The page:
They don't make them like they used to, eh? Not so when it comes to Metropolis - the influence of Fritz Lang's 1927 German Expressionism classic from the silent cinema era can be seen in any contemporary science-fiction movie today: the expansive sets and cityscapes of Bladerunner, Dark City, Brazil, I, Robot, The Matrix, Akira and Star Wars (this entire review would be a list so I'll cut it there) are just a few indebted to Metropolis. Even if you haven't had the joy of seeing it, you'll be familiar with the mad-scientist-in-the-laboratory-with-the-zingy-towers-thing. But when a review talks about sets and whatnot that must mean the story is pants, right? Again, not so. With the newly restored print, along with 25 or so minutes of footage that were previously thought lost forever, there's enough going on here for three movies.
Set in a dystopian future, the mega city of Metropolis is a city cut into two. Up top are the ruling class that enjoy the pleasures that the city, run by Joh Frederson (Abel), provide. Below the surface, however, lurks a nightmarish beehive where workers toil themselves to death to keep the city's occupants in the life they're accustomed to. When Frederson's son, Freder (Frohlich), ventures below he discovers the secret horror of Metropolis and plans to do something about it. Meanwhile, mad scientist Rotwang (Klein-Rogge), once a love rival of Frederson's for his now-deceased wife Hel, has created a 'man-machine' and hopes to give it the appearance of Hel. He plans to teach the man-machine to destroy the city... But don't go thinking he's a good guy.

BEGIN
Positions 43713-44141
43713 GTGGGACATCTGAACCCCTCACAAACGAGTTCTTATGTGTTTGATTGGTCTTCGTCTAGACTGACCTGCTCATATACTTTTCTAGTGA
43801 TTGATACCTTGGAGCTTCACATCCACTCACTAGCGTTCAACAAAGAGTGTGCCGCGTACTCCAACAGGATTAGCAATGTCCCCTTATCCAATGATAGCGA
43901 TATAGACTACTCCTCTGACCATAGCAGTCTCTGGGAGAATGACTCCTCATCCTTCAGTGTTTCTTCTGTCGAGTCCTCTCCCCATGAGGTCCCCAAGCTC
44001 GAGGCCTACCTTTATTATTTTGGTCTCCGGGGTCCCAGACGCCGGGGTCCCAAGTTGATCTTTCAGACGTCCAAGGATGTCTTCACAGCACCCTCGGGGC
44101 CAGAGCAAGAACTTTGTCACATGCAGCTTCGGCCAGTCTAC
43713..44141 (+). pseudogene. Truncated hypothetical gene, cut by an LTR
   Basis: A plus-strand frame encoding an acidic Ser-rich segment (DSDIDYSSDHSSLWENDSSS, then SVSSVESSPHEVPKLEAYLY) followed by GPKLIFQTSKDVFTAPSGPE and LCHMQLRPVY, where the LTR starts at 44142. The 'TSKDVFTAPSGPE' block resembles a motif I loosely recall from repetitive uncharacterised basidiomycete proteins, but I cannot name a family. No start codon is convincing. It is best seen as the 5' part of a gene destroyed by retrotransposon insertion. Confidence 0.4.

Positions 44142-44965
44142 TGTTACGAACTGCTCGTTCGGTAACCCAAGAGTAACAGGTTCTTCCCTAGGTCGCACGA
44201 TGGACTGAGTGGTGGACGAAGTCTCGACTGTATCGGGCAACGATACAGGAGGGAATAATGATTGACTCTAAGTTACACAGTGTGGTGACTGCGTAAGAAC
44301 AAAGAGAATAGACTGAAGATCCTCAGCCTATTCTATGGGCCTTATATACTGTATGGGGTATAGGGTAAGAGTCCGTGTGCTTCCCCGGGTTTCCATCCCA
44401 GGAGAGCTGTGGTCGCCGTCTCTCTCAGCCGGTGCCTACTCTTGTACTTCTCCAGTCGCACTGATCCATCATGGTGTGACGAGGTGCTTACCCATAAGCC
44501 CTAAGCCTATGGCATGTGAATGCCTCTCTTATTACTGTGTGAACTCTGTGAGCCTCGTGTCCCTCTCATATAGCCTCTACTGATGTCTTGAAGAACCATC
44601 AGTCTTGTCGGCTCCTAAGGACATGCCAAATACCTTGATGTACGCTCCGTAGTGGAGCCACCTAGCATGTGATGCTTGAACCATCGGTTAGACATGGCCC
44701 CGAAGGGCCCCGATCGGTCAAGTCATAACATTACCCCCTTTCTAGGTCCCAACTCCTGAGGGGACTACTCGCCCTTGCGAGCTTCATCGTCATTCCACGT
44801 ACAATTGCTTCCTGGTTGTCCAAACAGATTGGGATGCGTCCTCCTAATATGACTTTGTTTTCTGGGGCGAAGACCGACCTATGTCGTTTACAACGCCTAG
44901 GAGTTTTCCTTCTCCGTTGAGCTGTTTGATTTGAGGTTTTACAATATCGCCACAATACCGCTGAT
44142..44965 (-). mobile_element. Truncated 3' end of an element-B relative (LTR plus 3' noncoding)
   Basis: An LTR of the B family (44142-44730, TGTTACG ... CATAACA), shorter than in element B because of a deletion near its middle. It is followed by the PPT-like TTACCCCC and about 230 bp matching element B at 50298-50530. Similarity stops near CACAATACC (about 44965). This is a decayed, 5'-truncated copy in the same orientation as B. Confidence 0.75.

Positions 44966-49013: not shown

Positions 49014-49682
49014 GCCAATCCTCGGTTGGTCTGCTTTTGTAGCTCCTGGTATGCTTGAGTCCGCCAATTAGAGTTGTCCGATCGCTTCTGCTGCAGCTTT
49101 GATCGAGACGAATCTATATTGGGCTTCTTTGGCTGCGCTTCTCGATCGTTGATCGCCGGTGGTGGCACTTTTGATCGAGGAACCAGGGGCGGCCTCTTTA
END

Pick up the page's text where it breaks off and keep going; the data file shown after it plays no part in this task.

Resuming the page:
I'm skimming here, as the plot for Metropolis, like the city itself, exists in layers upon layers. What the restored version does is fill in the gaps of the story that the original sorely missed (Lang himself wasn't a fan of the original release: "I thought it was silly and stupid") and it tidies up the look of the film. Sure, some of it still looks grainy and scratchy in places, but in others it looks perfect. It's a potential bum-numbing ride at two-and-a-half hours but Lang's vision takes the viewer down darkened corridors where suspense, intrigue and horror skulk around every corner. The restored score by Gottfried Huppertz is also a delight.
I don't want to call Metropolis 'awesome' as the word has been devalued of late (I overheard a take-away patron describe his bacon cheese burger as 'awesome') but this version of the film is nothing short of a film-making experience, and how often can you say that these days?